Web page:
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SCORECARD
Edited by Jerry Kirshenbaum
October 13, 1980
NIGHT OF HORROR
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October 13, 1980

Scorecard

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As a model, Picciolo might consider teammate Rickey Henderson, who bats in an exaggerated crouch and is a paragon of patience. Henderson, the A's leadoff man, drew 117 walks this season, second in the American League to Willie Randolph's 119. And he was so pleased when Picciolo walked against the White Sox that he followed that miraculous occurrence by hitting a two-run homer.

UNSURE FOOTING

Senior Editor Mark Mulvoy, an erstwhile Boston rink rat who has written and edited hockey for SI for 15 years, takes NHL President John Ziegler to task in this issue (page 50) for, among other things, failing to deal adequately with violence during games. That shortcoming, of which the other pro leagues are also guilty, albeit to a lesser extent, was the subject of House Judiciary subcommittee hearings last week on proposed legislation to make excessive violence in pro sports a federal offense (SCORECARD, Sept. 8). Richard B. Horrow, a 25-year-old lawyer who has worked closely with the bill's sponsor, Ohio Congressman Ronald Mottl, admits that immediate enactment of House Bill 7903 is unlikely but says that the hearings "put the sports world on notice that the Federal Government is at least watching."

That the NHL merits special attention is made clear in Sports Violence, a recently published book that grew out of research Horrow undertook while attending Harvard Law School, from which he graduated last year. In his book Horrow marshals evidence that instead of curbing violence, the NHL encourages it as a way of filling arenas; that each team tries to have at least one player known variously as the policeman, enforcer, hit man, cement head or designated hitter; that this player often deliberately starts fights to give teammates a psychological lift and to intimidate opponents; that under NHL "etiquette" players pair off for fights according to size and position; that during contract negotiations management often dwells on how well a player uses his fists; that teams have offered to give players boxing lessons; that players who fail to stand their ground in fights are often derided or traded; that rules are so lax that even if a player, without provocation, knocks an opponent senseless, the "appropriate" punishment is seldom more than a two-minute minor penalty; and that the NHL has made only "token gestures" to clean up the game.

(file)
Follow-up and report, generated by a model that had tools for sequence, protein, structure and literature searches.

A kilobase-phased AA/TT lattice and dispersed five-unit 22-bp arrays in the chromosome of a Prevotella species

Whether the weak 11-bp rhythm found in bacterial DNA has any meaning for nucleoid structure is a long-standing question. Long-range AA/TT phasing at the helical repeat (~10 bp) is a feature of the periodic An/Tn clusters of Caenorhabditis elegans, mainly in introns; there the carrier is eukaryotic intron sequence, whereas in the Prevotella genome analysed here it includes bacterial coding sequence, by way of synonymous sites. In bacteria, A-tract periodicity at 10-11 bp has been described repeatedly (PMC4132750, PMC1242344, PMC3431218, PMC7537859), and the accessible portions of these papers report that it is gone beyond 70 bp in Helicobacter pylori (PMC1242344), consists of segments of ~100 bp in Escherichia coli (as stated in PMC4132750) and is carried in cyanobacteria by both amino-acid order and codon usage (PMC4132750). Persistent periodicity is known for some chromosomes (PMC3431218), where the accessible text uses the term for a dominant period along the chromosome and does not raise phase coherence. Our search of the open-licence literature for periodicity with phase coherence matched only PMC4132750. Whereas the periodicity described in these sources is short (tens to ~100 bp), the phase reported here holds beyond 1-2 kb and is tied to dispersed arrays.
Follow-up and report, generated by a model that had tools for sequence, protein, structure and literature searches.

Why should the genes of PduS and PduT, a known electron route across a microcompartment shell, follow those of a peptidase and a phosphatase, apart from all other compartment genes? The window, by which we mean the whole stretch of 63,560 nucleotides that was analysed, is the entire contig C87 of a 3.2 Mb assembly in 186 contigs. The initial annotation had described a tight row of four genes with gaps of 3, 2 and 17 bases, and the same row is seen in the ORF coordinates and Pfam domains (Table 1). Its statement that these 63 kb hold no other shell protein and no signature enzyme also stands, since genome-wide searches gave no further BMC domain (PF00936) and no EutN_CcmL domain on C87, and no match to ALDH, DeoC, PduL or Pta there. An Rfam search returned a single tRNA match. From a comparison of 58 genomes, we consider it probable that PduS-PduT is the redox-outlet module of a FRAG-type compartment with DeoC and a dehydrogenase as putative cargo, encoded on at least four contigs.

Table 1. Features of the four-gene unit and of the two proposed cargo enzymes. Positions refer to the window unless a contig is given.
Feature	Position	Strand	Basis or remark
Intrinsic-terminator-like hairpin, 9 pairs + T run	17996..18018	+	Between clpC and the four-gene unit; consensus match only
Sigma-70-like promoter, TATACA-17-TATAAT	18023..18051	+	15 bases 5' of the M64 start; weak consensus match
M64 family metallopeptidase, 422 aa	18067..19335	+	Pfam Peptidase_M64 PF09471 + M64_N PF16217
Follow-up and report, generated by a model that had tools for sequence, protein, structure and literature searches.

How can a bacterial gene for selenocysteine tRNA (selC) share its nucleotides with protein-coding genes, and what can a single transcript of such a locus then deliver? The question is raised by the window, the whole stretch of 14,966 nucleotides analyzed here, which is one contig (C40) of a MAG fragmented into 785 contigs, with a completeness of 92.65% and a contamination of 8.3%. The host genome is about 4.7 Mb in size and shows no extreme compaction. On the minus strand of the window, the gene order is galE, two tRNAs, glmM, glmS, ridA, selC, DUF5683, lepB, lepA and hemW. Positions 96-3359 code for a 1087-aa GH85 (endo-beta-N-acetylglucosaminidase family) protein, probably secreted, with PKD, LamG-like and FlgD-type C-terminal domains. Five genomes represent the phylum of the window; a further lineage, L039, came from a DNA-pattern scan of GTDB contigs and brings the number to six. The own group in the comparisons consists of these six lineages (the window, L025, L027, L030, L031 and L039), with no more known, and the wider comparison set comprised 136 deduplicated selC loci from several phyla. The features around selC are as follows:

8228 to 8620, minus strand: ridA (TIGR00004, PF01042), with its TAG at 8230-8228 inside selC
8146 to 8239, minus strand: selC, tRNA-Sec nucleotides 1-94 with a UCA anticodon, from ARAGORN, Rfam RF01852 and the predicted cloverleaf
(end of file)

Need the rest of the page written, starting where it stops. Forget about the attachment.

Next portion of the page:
Horrow notes that the NHL excuses fighting on the grounds 1) that it constitutes an "escape valve" for aggressiveness that might otherwise lead to worse behavior, and 2) that because of unsure footing on the ice, nobody can get hurt in a fight. Horrow points out that neither of these claims is true—to the contrary, fighting and the retaliation it encourages can lead to the more dangerous use of sticks—and he adds that gratuitous violence in the NHL detracts from hockey's inherent finesse and skill.

Ziegler was invited to testify at last week's hearings, as were four other commissioners, baseball's Bowie Kuhn, the NFL's Pete Rozelle, the NBA's Larry O'Brien and NASL's Phil Woosnam. All declined. Ziegler couldn't make it because he was going to Europe to watch exhibition games in Sweden involving the Washington Capitals and the Minnesota North Stars and to smooth out some differences between the NHL and the Czechoslovakian hockey federation.

THE EXPENDABLES
After Stanford's 31-14 upset victory over Oklahoma, the San Francisco Chronicle's Lowell Cohn went to a Norman, Okla. bar called the Interurban, where he talked to stunned Sooner fans, including a law student named Dave, who told him, "It's kind of unfair. Those Stanford players have academics. But if our guys don't play football, well, what the hell are they good for? We should just get rid of them."

A SPECIAL FAREWELL

Few athletes have retired with as much dignity as the Boston Celtics' Dave Cowens did last week. The 31-year-old Cowens sat in a hotel room in Terre Haute, Ind., where the Celtics were playing an exhibition game, and drafted a handwritten statement without benefit of a ghostwriter. In the statement, which ran in both Boston newspapers, Cowens—a 10-year veteran who was the NBA's most valuable player in 1973, led the Celtics to league championships in '74 and '76 and was their player-coach two years ago—explained that he was retiring because he was hobbled by foot ailments. He added, "I do not believe in taking medication which many others utilize to mask the pain and allow them to play more years and earn more income."

Cowens said he was worried that by quitting only nine days before the 1980-81 opener he might be committing a "fraudulent act" toward Celtic season ticket-holders, but finally concluded he'd have done them a greater disservice by playing. "I'll tell you why it is such a difficult decision to make—because of the financial reward," he wrote. "I have climbed the ladder of success in the NBA to the point where I command top dollar for my services. But the last time I negotiated a contract was five years ago. The only reason I am getting paid top dollar now is not because I am a top talent; it is because I negotiated from a point of strength five years ago...I wouldn't feel guilty about the amount of money I would earn under these conditions if I thought I could play even as well as I did last year. But I can't...."

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